|<font face="Verdana, Arial" size="2">Originally posted by Larry Davis:
How can someone know how a show was filmed? Meaning at what frame rate? I'm curious as to how shows like the X-Files and Soprano's are filmed.</font>
Sometimes you can find out from the flags on the disc. Unfortunately, finding out what the flags are requires a tool that can tell you. There are commercial tools that do this, but they tend to be really insanely expensive. Stacey and I have such a tool, but we can't release it.
Another way is to do some detective work with a software DVD player. In general, most players tend to show you one MPEG picture per freeze frame. So if you step through a chunk of the DVD a frame at a time (using the T key on PowerDVD; not sure about WinDVD), and watch for the seconds indicator to tick over, then start counting frames until it ticks over again, you should find out how many separate images there are per second. There might be accuracy issues with the counter, so it might be worthwhile to do several seconds and average.
However, on many discs, the software won't do the pulldown using flags -- it will just be dumped on to the disc as 60 field per second video. You'll see 30 frames per second, but several of the still frames will be combed. In this case, you have to look at the number of combed frames, and figure out what kind of pulldown was used to create the 60 field per second master. (Make sure to use "force weave" when doing this test, to ensure the combed frames stand out.)
If you see 2 combs in a row every 5 frames, that's 3-2 pulldown, and the source was 24 fps.
For 25 fps, the pulldown is going to be 2-2-3-2-3, so you'd get 2 combs in a row every 6 frames, or possibly 3 combs in a row every 6 frames, depending on where they start the sequence (they could do 3-2-2-3-2, for example).
For 30 fps, there is no pulldown, so you'll just get 30 clean frames.
For video shot with a camera, you'll get 30 frames, all with very small combs.
|<font face="Verdana, Arial" size="2">Another thing I'm wondering, is how does this transfer over to DVD? Meaning, let's say a show is filmed at 30 fps, and transferred to NTSC DVD. Is this going to be transferred and flagged as 24 fps (film)? Or transferred and flagged as 30 fps (video)?</font>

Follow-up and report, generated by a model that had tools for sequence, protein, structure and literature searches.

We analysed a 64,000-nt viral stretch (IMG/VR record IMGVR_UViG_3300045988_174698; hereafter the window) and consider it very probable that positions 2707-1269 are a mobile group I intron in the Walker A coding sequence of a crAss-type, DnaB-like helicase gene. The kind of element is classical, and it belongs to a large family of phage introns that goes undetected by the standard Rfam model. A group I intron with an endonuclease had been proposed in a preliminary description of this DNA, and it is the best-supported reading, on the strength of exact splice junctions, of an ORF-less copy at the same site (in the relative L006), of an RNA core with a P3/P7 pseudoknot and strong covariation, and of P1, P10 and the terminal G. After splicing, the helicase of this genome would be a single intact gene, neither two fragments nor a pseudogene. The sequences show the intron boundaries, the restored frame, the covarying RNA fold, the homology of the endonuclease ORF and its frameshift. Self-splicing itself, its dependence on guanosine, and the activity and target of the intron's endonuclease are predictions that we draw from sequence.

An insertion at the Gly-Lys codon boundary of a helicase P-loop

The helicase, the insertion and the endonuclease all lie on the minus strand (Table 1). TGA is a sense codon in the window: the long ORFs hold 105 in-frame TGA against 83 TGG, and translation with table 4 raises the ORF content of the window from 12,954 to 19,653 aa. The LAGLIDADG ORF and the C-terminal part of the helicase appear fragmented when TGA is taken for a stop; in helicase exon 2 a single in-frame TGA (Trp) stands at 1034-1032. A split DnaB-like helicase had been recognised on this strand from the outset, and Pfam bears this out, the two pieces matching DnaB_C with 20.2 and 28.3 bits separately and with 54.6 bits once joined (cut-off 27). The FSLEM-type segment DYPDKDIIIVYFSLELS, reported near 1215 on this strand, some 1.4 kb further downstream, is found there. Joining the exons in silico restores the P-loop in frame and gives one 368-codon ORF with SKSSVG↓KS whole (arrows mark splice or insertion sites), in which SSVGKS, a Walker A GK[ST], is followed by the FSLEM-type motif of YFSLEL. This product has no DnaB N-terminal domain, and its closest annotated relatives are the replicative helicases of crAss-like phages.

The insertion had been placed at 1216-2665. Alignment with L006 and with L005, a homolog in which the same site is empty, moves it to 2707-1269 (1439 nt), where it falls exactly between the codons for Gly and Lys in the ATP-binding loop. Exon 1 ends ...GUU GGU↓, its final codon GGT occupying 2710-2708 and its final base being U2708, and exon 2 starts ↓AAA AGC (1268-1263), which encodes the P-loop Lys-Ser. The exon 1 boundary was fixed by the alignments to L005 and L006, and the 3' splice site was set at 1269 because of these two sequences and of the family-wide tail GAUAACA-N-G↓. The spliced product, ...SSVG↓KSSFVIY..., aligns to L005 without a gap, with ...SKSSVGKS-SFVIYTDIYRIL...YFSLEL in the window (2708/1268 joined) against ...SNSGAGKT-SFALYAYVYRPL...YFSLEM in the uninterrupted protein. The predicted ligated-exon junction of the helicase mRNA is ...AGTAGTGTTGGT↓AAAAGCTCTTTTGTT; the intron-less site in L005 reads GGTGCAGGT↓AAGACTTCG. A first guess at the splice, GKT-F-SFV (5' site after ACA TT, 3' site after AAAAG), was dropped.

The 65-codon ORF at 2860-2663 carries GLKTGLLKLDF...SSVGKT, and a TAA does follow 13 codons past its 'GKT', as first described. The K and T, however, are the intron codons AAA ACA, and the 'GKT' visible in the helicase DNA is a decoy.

Certainly they're going to try to preserve all the frames, but there's no guarantee how they're going to do it. Keep in mind that there is no standard for flagging "film" on a DVD. The 3-2 pulldown sequence is just a convention. There's no "original frame rate" field on a DVD, and no flag that says "this was from film." At least, there's no flag that is required to be used.
For a 30 fps film, if you're lucky they'll transfer it as 30 MPEG pictures, all with the "progressive_frame" flag set to TRUE. But in practice, I imagine they'd leave the flag set FALSE, because most of the encoders aren't that smart. They see 30 fps; they assume video. So on an HTPC, the vertical filtering algorithm kicks in, and you lose vertical resolution.
For a 25 fps film, they might recreate the pulldown (2-2-3-2-3) with flags, keeping the progressive_frame flag TRUE. But more likely, the master tape they got from Europe gets transferred to an NTSC master, generating the pulldown at that time, and by the time it goes on the DVD, it's just flagged as 30 fps video. Again, the video deinterlacing algorithm then kicks in, and you lose vertical resolution.
What is interesting, and I never have thought about this before, is what does a good deinterlacing chip, like the Silicon Image, do with a 2-2-3-2-3 pulldown sequence? Does it recognize it as 25 fps film converted to 60 field video? If so, that's damn good. My guess is that they do, based on conversations I've had with the engineers. They have a library of weird pulldown signatures, and they try very hard to handle them all. I'll ask Silicon Image specifically about this particular situation.
|<font face="Verdana, Arial" size="2">I find this to be very, very interesting. I have Farscape on Region 2 PAL DVD. The show is shot in Australia. At 100 Hz (25 fps x4), camera pans and motion are quite fluid. I have viewed the exact same episodes on a Region 1 NTSC DVD at 72 Hz (24 fps x3). Motion didn't look smooth at all and appeared out of sync and jittery.</font>
I think your theory makes a lot of sense. It could be, however, that 100 Hz is just so high that anything would look smooth. It would be worthwhile trying something that isn't easily divisible by 100, and seeing if it looks smooth as well. I read a paper by a researcher who said that if refresh rates got over 75 Hz, then pulldown ceased to matter, because it was over the flicker-fusion frequency or something. But that may not be applicable to this.